Religion also plays into things, making a significant impact on the public order of your towns. If neighbouring territories are at war, refugees will flee into your territories, bringing with them their religion and reducing the happiness of your people. Maintaining good public order becomes a significant challenge, especially since the buildings designed to keep your people happy often consume a lot of food, and the buildings which produce a lot of food greatly increase squalor and reduces sanitation. Even without taking diplomacy with other factions into account, managing your internal affairs has never been this complicated in a Total War game, and it has never been this engaging.
In a world where political status is determined by Beard length...
While the type of agreements available for inter-faction diplomacy have not changed much, I found that I had to be more careful when deciding who my friends and enemies were. I had one campaign spin out of control after declaring war on a friendly faction because I needed their territory as a victory condition and they refused to become a military ally. Things quickly escalated as another one of my previous allies turned against me and the political ramifications rippled out, ultimately resulting in about half of Europe invading my once secure borders and ending my seemingly successful campaign far earlier than I anticipated.
Another addition to Attila that adds a layer of unpredictability is the new system for Nomadic factions. Some factions start without any territory, with the general population of your people either being tied to your armies or to temporary camps which can be set up anywhere. If you don’t have any camps set up and are migrating your faction, you don’t have any fresh supply of food, and your army cannot reinforce, making for some almost Banner Saga-like moments of trekking across the map, trying to escape your enemies or find a suitable place to set up camp while your supplies dwindle and your army suffers attrition.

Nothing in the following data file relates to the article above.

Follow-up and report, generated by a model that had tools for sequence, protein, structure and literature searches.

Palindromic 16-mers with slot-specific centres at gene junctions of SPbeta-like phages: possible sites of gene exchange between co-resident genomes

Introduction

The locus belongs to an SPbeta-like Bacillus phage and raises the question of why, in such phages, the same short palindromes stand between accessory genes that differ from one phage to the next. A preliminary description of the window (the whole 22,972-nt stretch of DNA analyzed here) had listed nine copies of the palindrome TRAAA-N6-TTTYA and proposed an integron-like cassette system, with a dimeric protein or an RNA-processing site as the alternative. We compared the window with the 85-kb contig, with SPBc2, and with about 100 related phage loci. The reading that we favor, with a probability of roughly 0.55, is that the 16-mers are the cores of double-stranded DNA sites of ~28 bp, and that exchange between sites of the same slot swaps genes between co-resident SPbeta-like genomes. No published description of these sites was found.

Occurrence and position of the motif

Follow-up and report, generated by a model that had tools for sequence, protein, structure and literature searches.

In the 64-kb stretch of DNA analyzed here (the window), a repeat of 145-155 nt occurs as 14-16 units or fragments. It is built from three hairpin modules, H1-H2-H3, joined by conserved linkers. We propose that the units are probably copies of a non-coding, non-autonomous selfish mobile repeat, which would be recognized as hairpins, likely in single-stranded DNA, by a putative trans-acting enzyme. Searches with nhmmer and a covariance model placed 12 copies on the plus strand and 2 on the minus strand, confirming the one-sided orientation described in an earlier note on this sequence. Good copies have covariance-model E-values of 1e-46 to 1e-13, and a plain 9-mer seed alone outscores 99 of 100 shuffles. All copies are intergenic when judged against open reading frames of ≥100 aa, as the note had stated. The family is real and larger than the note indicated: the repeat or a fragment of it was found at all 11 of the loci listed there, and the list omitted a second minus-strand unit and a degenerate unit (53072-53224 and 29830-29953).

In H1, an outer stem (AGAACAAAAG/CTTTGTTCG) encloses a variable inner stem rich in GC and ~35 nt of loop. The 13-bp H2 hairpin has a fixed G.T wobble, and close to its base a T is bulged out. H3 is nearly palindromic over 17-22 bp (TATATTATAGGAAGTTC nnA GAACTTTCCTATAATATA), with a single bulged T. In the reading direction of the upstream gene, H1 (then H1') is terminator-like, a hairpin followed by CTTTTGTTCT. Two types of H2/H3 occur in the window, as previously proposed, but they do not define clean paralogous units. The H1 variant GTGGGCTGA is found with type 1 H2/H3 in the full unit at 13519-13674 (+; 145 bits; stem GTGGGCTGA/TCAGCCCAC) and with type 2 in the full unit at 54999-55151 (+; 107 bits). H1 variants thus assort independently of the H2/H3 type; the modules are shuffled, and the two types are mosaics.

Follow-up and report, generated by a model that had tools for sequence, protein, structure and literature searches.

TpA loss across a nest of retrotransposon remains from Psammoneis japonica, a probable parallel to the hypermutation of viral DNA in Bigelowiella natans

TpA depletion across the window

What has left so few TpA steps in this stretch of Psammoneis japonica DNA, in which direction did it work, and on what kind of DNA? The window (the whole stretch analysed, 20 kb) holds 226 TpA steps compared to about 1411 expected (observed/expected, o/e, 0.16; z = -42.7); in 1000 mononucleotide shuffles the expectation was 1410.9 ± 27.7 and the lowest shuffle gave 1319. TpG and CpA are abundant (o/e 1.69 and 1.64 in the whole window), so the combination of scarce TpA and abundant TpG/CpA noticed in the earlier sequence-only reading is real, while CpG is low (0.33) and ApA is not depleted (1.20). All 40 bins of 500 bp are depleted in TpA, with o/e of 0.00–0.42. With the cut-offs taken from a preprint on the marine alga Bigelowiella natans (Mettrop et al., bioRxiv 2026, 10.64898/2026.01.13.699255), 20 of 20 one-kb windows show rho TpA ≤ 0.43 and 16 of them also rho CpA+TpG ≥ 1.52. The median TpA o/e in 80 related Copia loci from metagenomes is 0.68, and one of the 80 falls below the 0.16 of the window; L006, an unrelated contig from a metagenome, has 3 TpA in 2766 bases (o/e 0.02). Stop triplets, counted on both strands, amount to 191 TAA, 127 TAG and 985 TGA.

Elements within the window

If as a Nomadic faction you do choose to take up residence in a permanent settlement or city, you have the option of abandoning it, which might be appealing if public order is too low, or if an unstoppable army is coming your way. Once you abandon a settlement, the region becomes desolate. Another faction can then settle there by paying a significant sum of money and populating it from one of its armies. You can also set up temporary camps as Nomadic factions which will let you build temporary structures to produce food, money and new units. Setting up camp in another faction’s territory will greatly reduce their food supply, making it a good way to cause problems for your enemies without directly laying siege.
Scorched Earth policy is valid strategy when facing the Huns
Being a Total War game, I expected these new horde/nomadic mechanics to cause mass confusion with the Artificial Intelligence. Surprisingly, the computer controlled factions seem to make use of these new additions rather effectively. Nomadic factions would set up camps in odd corners of my empire, sacking my towns and fleeing before I had a chance to mobilize my armies. The AI in general seems to have abandoned the lethargic, predictable patterns of Rome 2 in favour of the devious, opportunistic AI of Shogun 2.